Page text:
METETI, PANAMA — — As my deployment to Panama comes to an end this week, I’m a bit amused how my visits to worksites have influenced the language around me.

I’m not talking about the Spanish language of Panama; I’m talking about language of the colorful kind. If you thought construction workers had the worst language, you should hear military members who also are construction workers.

It’s been interesting to watch them change their demeanor as I approach. Like a speeder who comes upon a roadside police cruiser, they’ll often do some moral gyrations inspired by my presence.

For example, they may nick themselves on a tool and suddenly make mid-sentence vocabulary changes. “*&$#!” They shout. Then, upon seeing me, they say “Uh, I mean ‘Dang.’ That hurt! Sorry, chaplain.”

I’m amused because they’ll make these whiplash changes all on the pretense they are worried about offending my decency. Yet, the crazy thing is, these are the same people who will come to my tent later to make confessions that are much worse than language.

Of course, I realize the airmen are simply trying to show me respect by reversing their language. Many of us will do the same kind of verbal changes around parents or children.

But I’ve often wondered whether the changes people make around their ministers are more about a contrived image of what they think God demands of them. Do they see God as a rogue cop holding the Ten Commandments in one hand and a rifle in the other saying, “If you don’t do right, I’ll blow a hole clean through ya”?

When people do a sudden change just because I come into the room, I want to tell them, “Don’t change for me. Change for yourself.”

I want to ask them, “Does it really matter to you that I’ve discovered you aren’t the person you think that I think you should be?” Or perhaps, more to the point, “What would you risk to become the person you’re pretending to be on my behalf?”

Truth be known, I, too, can make some quick reversals in the presence of the right people. In the dining tent, I can pass up the french fry bin when I’m aware our camp doctor is standing behind me. I’ve adjusted my posture as the commander walks by. And I’ve done some extra repetitions in the gym in the presence of some very fit airmen.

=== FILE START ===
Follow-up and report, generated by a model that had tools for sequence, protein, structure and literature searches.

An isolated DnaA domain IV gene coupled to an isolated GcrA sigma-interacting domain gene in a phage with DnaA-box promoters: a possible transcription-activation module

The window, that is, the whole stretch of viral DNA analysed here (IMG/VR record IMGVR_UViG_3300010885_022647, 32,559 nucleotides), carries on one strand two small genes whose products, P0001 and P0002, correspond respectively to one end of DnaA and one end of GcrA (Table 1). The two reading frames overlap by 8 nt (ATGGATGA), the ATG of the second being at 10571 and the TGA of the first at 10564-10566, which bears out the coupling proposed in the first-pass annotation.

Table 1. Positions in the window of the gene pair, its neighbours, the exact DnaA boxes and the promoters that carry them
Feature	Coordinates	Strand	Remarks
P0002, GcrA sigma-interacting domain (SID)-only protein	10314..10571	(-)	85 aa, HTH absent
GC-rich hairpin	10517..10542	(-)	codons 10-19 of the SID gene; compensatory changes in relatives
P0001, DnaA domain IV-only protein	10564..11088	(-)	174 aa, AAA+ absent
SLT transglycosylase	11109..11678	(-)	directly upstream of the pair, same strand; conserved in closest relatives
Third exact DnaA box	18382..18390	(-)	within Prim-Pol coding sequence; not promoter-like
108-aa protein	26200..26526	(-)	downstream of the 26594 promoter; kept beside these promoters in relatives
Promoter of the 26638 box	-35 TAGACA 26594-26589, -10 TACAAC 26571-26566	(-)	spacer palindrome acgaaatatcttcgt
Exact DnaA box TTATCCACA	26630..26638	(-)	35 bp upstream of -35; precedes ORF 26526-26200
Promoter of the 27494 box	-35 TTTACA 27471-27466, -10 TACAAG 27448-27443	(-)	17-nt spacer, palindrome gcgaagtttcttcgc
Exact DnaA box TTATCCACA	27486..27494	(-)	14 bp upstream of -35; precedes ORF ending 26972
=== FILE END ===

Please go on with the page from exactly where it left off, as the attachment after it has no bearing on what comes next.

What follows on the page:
The shallow changes I make are more often about what the doctor or commander represent than they are about the changes I really want to make.

The problem with making these changes in the presence of influential people is that we tend to become someone stretched and disfigured into something that doesn’t remotely resemble who God has made us to be.

Seems to me the only thing that matters at the end of the day is that we represent our own God-given image, not the flattering image we imagine others want us to be.
Bottom line is, you have to make changes for yourself, not for others. If your sudden conversion experience is all about changing for others, the changes only last as long as the presence of the influential person.

And changes that are not made for ourselves cause us to become like the convert who drunkenly stumbled into his pastor and deacon on a city sidewalk.

Observed the deacon to the pastor, “Isn’t this man one of your converts?”

“You’re right, he must be one of my converts,” replied the pastor, “because he sure doesn’t appear to be one of God’s.”